Intellectual property exemption for vaccine, unemployment claims, central banks – What’s happening in the markets? By Investing.com


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Yazar: Geoffrey Smith

Investing.com – The EU says it wants to talk about exemption from intellectual property protection to step up the global immunization campaign, and vaccine manufacturers are again under pressure. SEC chairman Gary Gensler is going to screw Robinhood. Unemployment applications and Challenger Layoffs survey will be shared. There are also a series of earnings reports led by Moderna. Central banks from the UK to Turkey will meet, and China’s relations with the West are getting worse.

What you need to know in financial markets on Thursday, May 6:

1. Moderna and BioNTech under pressure after EU says it is open to vaccine intellectual property exemption

BioNTech shares fell 19% in Germany after the European Commission said it was willing to discuss an intellectual property waiver plan to treat Covid-19 amid the pandemic.

The idea discussed Wednesday by US presidential trade adviser Katharine Tai is who will lose the most financially from such a move. Pfizer (NYSE:), BioNTech and Moderna stocks have already caused sharp declines.

Moderna will share its first quarter earnings report. Three days ago, Pfizer revised its annual revenue forecasts upwards, largely driven by the success of its mRNA-based vaccine. So far, mRNA drugs have averted the fears faced by health-care Johnson & Johnson (NYSE:) and AstraZeneca (NASDAQ:).

The Biden administration’s move marks an attempt to win the hearts of countries outside the United States that could gain significant political capital to get vaccines distributed faster in poorer countries such as India and Brazil. However, it faces significant legal challenges from the pharmaceutical industry.

2. SEC chairman Gensler focuses on commercial applications

The SEC chief gave the most concrete clue that he is planning a new regulation to squeeze in the wild trade, for example the surge in GameStop (NYSE:) and other ‘headline stocks’.

In statements prepared before appearing before the House Financial Services Committee, Gary Gensler criticized Robinhood and other brokers for incorporating game-like features into their apps to increase their trading volumes.

“Most of our edits were written largely before these cutting-edge technologies and communication practices became mainstream,” Gensler will say. “I think we need to evaluate our rules so we can see that we need to renew our rules.”

3. Stock markets calm before unemployment claims and Challenger survey; earnings season continues

US stocks will open largely unchanged on a backdrop where the Biden administration is leaning in a direction that will cut corporate profits.

In addition to the idea of ​​exemption from the vaccine, the administration on Wednesday repealed a Trump-era rule that made it easier for companies not to classify flexible workers as employees. Concerns over cost pressures led to a 3.5% drop in Uber shares.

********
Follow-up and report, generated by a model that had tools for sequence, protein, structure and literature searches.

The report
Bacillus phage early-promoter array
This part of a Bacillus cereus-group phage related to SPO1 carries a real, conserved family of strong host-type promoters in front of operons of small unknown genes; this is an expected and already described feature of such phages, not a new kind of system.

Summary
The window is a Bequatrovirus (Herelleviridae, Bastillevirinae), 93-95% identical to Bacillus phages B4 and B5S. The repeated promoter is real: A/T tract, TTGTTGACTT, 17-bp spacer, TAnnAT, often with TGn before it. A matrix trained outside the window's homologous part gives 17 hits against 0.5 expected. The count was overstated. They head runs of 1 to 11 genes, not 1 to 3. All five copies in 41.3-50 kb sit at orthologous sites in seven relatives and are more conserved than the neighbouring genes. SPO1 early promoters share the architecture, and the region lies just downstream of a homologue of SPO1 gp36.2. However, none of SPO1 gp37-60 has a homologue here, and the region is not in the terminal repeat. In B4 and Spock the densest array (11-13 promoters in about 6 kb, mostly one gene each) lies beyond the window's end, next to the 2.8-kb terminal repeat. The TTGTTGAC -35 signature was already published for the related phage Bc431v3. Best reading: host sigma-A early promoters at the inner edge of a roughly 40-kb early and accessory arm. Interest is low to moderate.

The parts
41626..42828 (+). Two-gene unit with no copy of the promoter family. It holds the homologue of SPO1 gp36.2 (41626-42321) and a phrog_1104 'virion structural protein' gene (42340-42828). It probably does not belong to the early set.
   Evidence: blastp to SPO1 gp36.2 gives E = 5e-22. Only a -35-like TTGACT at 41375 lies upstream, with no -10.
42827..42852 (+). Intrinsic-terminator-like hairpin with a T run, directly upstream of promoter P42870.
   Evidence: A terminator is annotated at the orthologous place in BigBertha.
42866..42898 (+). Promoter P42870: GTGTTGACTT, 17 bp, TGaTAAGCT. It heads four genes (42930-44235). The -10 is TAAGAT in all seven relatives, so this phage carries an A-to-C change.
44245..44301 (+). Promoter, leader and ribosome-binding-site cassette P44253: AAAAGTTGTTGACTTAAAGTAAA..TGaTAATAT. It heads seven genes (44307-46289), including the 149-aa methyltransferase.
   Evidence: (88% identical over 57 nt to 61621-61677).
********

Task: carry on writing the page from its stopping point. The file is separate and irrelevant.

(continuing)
and decreased by less than 0.1%, but increased by similar amounts.

With weekly jobless claims, the Challenger Layoffs survey tops the poor data calendar. On the earnings front, Fiverr, Regeneron, Norwegian Cruise Lines, Wayfair (NYSE:), Kellogg (NYSE:), Blue Apron, Penn National Gaming (NASDAQ:), and Magna are among the reporters. Last night Anheuser-Busch InBev said CEO Carlos Brito is leaving.

4. Central banks move at different speeds towards tightening

Even if you don’t know it yet, today is the big day for sterling. The Bank of England (BoE) is expected to increase its annual economic forecasts.

Among advanced economies, Canada is the only central bank to have stepped out of monetary stimulus gas so far this year. The UK economy expanded at its fastest pace since 2013, with huge increases in input prices in both the manufacturing and services sectors, according to IHS Markit’s final composite purchasing managers index.

On the other hand, Norway reiterated that it wants to increase interest rates at the end of this year, while Turkey and Czechia have monetary policy meetings. On Wednesday, Brazil increased its main interest rate by 75 bp, revealing the magic gap between the monetary policies of emerging and advanced economies.

5. G7 unites against China over disappointment with Australia

One of the world’s most important trade relations is getting worse and worse. The last step in economic marginalization against China came from the West.

China has said it will suspend strategic economic dialogue with Australia as Australia cancels a number of Chinese investments under its ‘Belt and Road’ initiative. China has drastically reduced Australia’s barley and coal purchases, but it hasn’t touched iron ore, which is still important to fuel the infrastructure boom.

These movements of China, European countries and Japan, and the absence of Australia, after the G7 issued a statement denouncing China for its human rights violations against the Muslim minority in Xinjiang, and Taiwan’s persistence in preventing its participation in the World Health Organization forums. took place. This statement, at least, paves the way for more concrete actions to be discussed at the G7 summit in July.

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